LAS CRUCES, New Mexico - Larry Mitchell Hopkins, a member of the United Contitutionalist Patriots, an armed civilian group that has detained migrants near the U.S.-Mexico border, is expected to plead not guilty to a charge of being a felon in possession of a firearm and ammunition.
The 69-year-old Hopkins, who also identifies as Johnny Horton, made his first appearance in a Las Cruces federal court Monday. He is being represented by Las Cruces attorney Kelly O'Connell.
According to the criminal complaint, Hopkins unlawfully possessed nine firearms and ammunition in his residence in San Juan County, New Mexico in November 2017. The complaint alleges Hopkins was prohibited from possessing firearms or ammunition because he previously had been convicted of at least three felony offenses, including possessing a loaded firearm in the state of Michigan in 1996; being a felon in possession of a firearm in the state of Oregon in 2006; and impersonating a peace officer in the state of Oregon in 2006.
Hopkins remains in custody pending a preliminary hearing and a detention hearing, both of which are scheduled to be held at 9:30 a.m. on April 29, 2019, before U.S. Magistrate Judge Karen B. Molzen in the Rio Grande courtroom of the federal courthouse in Albuquerque.
If convicted on the charge in the criminal complaint, Hopkins faces a maximum statutory penalty of ten years of imprisonment.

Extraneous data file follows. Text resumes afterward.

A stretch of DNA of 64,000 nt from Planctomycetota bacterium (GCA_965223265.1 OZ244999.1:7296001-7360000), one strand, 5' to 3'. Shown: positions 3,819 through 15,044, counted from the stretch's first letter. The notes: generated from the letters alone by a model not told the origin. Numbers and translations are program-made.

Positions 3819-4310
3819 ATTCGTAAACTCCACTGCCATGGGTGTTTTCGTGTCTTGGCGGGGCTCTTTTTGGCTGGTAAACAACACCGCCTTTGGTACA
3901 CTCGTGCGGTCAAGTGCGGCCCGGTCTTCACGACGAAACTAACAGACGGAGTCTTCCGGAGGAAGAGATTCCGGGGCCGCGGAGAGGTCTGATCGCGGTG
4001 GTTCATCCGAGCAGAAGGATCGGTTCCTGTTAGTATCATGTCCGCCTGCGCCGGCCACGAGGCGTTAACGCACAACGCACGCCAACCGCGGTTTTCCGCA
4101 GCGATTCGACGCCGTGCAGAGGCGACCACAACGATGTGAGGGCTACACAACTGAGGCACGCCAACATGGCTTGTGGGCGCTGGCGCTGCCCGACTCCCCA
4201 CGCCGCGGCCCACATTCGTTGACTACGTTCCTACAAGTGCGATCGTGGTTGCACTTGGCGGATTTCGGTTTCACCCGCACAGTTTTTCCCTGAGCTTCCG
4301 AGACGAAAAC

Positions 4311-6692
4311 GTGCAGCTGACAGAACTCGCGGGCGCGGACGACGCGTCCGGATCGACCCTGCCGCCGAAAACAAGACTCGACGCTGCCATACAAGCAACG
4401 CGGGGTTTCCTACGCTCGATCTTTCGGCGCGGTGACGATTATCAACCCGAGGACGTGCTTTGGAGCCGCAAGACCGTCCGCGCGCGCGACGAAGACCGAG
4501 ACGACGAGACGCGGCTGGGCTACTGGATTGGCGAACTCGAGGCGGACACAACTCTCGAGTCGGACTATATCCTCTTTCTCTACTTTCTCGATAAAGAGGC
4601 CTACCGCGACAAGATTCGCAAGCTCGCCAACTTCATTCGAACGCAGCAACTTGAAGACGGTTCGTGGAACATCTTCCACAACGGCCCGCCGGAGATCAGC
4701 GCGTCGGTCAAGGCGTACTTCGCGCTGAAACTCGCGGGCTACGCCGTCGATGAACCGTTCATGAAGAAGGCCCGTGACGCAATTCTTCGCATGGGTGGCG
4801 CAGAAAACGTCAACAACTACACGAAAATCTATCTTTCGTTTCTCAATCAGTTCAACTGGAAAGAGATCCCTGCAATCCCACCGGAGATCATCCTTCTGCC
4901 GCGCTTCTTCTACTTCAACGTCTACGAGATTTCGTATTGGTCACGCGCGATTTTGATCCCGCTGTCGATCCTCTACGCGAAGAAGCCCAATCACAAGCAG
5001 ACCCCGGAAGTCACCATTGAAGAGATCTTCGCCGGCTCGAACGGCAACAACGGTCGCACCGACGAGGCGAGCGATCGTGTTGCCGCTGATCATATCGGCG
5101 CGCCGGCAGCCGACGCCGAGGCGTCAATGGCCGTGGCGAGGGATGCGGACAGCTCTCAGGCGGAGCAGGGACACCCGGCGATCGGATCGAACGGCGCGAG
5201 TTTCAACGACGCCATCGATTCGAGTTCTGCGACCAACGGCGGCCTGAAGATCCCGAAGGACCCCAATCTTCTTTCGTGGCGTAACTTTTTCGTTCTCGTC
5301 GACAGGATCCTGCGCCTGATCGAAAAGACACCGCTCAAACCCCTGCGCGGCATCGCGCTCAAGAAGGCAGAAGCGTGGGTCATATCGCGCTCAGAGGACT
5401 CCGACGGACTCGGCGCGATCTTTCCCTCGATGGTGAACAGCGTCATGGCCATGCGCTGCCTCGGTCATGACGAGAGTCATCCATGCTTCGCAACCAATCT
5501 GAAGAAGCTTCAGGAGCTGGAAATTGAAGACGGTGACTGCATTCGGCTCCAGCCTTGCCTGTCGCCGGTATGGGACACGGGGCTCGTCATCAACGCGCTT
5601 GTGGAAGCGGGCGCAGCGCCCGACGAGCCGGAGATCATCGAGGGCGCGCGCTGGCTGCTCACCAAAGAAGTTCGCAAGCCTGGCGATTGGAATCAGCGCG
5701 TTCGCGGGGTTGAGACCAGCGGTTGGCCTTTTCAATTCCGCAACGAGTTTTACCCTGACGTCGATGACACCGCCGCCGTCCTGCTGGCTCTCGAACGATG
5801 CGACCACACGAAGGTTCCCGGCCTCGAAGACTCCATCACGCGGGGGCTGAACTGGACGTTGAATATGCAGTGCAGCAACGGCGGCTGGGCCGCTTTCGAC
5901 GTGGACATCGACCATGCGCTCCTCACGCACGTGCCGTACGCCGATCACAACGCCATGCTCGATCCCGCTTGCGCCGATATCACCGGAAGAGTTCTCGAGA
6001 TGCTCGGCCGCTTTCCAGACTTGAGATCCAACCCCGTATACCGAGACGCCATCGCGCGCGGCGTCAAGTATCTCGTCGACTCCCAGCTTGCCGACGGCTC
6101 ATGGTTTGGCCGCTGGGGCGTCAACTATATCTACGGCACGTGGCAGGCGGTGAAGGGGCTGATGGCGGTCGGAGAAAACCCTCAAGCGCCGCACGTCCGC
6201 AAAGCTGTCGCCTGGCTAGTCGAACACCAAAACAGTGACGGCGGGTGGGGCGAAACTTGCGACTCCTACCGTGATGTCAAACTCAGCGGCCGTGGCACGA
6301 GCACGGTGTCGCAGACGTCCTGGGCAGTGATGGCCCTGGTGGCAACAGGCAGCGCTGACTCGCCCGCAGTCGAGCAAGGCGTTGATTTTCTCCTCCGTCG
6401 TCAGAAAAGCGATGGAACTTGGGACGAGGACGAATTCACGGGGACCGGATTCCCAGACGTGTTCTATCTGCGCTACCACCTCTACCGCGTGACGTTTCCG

ABC-7 spoke with Hopkins in March 2019. During the interview, Hopkins identified himself as Johnny Horton, a commander with the United Contitutionalist Patriots, a small group composed mostly of veterans.
At the time, Hopkins said the group made its way down to the U.S.-Mexico border near Sunland Park, New Mexico to ”keep the border secure."
"This country was built on three things: God, guns and guts. That American flag has to keep flying," he said at the time, "It's in danger, a lot of danger right now."
Hopkins told ABC-7 his group has weapons for self-defense. "We don't want Rambos. We don't want someone down here just to create a problem," he said. "We're not going to have any shootings. We're against it. We are armed for our own protection."
The FBI arrested Hopkins in Sunland Park with the assistance of local police. The FBI said Hopkins is from Flora Vista, a rural community in northern New Mexico and approximately 353 miles north of Sunland Park, which is a suburb of El Paso, Texas.
New Mexico Attorney General Hector Balderas said in a statement that Hopkins "is a dangerous felon who should not have weapons around children and families. Today's arrest by the FBI indicates clearly that the rule of law should be in the hands of trained law enforcement officials, not armed vigilantes."
Federal authorities on Friday warned private groups to avoid policing the border after a string of videos on social media showed armed civilians detaining large groups of Central American families in New Mexico. The videos posted last week show members of United Constitutional Patriots ordering family groups as small as seven and as large as several hundred to sit on the dirt with their children, some toddlers, waiting until Border Patrol agents arrive.
The Border Patrol's El Paso sector has emerged as the second-busiest corridor for the entrance of undocumented immigrants seeking asylum, just behind Texas' Rio Grande Valley. CBP officials said 86 percent of arrests in the El Paso sector in March were people who came as families or unaccompanied children.
THE ASSOCIATED PRESS CONTRIBUTED TO THIS REPORT